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On Tuesday (September 3, 2019), the U.S. District Court for the District of Columbia issued an order dismissing a lawsuit filed by the Conference of State Bank Supervisors (CSBS) seeking to block the Office of the Comptroller of the Currency (OCC) from issuing federal charters to fintech companies. As explained in a prior blog post

On Thursday (May 2, 2019), a federal district court in the Southern District of New York issued an order allowing the New York Department of Financial Services (DFS) to proceed with a lawsuit seeking to block the Office of the Comptroller of the Currency (OCC) from issuing federal charters to fintech companies. As explained in

On Monday, a federal district court judge in the District of Columbia issued an order dismissing a lawsuit brought by the Conference of State Bank Supervisors (CSBS) regarding a proposal of the Office of the Comptroller of the Currency (OCC) to issue federal charters to certain Fintech firms. In dismissing the case, US District Court Judge Dabney L. Friedrich held the CSBS did not have standing to sue because the OCC had not yet officially decided to issue charters to Fintech companies. Judge Friedrich explained that the CSBS lacks standing to bring the suit because the harms it alleges are “contingent on whether the OCC charters” a Fintech company, and “[s]everal contingent and speculative events must occur before the OCC” issues such a charter.
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On Tuesday, a federal district court in the Southern District of New York issued an order dismissing a lawsuit brought by the New York Department of Financial Services (NYDFS) regarding a proposal of the Office of the Comptroller of the Currency (OCC) to issue federal charters to certain fintech firms. In dismissing the case, U.S.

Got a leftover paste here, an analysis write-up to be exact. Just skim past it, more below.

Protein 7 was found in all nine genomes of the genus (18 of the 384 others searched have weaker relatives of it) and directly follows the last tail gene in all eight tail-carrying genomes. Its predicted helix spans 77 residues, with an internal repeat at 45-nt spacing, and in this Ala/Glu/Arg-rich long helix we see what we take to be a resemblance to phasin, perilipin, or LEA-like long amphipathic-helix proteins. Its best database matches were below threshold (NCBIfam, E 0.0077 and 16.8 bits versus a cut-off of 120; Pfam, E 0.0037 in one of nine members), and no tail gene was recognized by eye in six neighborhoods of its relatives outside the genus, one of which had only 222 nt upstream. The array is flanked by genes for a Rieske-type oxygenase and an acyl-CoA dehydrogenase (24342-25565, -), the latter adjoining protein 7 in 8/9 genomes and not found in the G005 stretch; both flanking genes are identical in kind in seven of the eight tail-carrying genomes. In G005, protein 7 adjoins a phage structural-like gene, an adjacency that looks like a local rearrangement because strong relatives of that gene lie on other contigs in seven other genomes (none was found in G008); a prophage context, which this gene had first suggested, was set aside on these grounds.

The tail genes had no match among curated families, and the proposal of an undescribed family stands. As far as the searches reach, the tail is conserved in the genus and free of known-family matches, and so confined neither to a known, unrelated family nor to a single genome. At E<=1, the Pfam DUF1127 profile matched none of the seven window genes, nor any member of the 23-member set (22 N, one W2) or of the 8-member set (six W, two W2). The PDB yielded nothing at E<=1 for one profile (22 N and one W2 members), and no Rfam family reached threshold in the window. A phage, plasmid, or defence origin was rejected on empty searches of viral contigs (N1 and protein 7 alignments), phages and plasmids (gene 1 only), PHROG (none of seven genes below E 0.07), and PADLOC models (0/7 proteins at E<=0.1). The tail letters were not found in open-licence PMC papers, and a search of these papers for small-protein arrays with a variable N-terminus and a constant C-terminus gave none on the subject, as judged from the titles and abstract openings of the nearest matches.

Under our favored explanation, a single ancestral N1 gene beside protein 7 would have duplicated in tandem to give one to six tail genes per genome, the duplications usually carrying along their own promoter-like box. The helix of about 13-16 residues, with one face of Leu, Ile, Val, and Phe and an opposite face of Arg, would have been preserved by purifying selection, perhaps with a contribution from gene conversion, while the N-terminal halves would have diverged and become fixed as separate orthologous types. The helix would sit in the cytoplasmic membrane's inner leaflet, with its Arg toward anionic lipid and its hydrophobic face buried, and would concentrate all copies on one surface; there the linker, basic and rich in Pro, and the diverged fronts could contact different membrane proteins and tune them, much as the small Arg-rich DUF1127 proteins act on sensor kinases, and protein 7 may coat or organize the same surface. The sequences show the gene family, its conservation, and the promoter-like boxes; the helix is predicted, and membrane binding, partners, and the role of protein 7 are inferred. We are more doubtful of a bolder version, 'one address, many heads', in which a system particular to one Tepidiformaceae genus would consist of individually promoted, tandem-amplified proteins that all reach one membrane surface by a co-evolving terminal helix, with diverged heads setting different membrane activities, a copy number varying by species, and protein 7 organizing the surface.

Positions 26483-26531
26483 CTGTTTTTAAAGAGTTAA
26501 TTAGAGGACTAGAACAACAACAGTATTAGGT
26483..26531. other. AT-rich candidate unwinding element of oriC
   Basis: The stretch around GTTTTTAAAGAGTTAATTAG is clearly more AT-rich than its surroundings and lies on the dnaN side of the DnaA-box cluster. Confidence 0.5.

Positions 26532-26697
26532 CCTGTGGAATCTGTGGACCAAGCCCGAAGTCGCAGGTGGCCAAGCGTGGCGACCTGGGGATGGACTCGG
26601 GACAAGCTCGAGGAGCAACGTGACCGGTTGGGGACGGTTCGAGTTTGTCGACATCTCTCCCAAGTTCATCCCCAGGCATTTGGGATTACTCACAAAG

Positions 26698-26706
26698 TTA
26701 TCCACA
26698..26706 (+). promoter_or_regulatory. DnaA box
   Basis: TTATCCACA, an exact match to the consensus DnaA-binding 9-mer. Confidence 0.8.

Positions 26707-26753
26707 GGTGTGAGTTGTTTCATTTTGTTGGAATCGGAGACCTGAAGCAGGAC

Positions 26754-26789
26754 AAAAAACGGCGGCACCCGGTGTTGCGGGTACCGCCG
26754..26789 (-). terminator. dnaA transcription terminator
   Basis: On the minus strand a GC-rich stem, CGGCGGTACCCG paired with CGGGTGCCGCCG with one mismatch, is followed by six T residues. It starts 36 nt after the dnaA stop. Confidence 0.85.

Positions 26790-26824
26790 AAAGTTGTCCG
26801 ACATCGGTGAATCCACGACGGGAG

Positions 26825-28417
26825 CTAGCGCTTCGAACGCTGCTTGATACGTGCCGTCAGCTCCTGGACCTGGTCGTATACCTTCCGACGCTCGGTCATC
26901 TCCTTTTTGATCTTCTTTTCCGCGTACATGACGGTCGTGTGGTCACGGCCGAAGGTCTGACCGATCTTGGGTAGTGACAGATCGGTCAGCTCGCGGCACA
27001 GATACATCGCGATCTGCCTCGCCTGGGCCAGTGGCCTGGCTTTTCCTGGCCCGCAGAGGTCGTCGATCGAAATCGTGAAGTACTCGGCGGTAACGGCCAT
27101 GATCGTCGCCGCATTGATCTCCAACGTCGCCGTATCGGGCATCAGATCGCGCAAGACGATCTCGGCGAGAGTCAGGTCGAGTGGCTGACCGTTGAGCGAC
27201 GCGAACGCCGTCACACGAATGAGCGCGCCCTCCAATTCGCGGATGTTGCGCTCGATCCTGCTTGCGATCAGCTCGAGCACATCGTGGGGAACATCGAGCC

The U.S. House of Representatives on Thursday passed two bills that would reform the standards for bringing federal class actions and raise the bar for keeping lawsuits in state courts.

The first bill, the Fairness in Class Action Litigation Act of 2017 (HR 985), would impose several new requirements on class action and

The Federal National Mortgage Association (Fannie Mae) operates under a corporate charter, which authorizes Fannie Mae “to sue and to be sued, and to complain and to defend, in any court of competent jurisdiction, State or Federal.” 12 U.S.C. § 1723a(a). On January 18, the U.S. Supreme Court held that this “sue-and-be-sued” clause does not

On November 3, in a case that was closely watched by industry participants, the Florida Supreme Court held that a mortgagor’s default that occurs after the dismissal of a prior foreclosure action in which the loan payments were accelerated resets the five-year statute of limitations for filing a subsequent foreclosure suit.  In Bartram v. U.S. Bank, N.A., the court explained that dismissal of the initial foreclosure action has the effect of returning the parties to their pre-foreclosure complaint status, where the mortgage remains an installment loan and the mortgagor has the right to continue to make installment payments without being obligated to pay the entire amount due under the note and mortgage.
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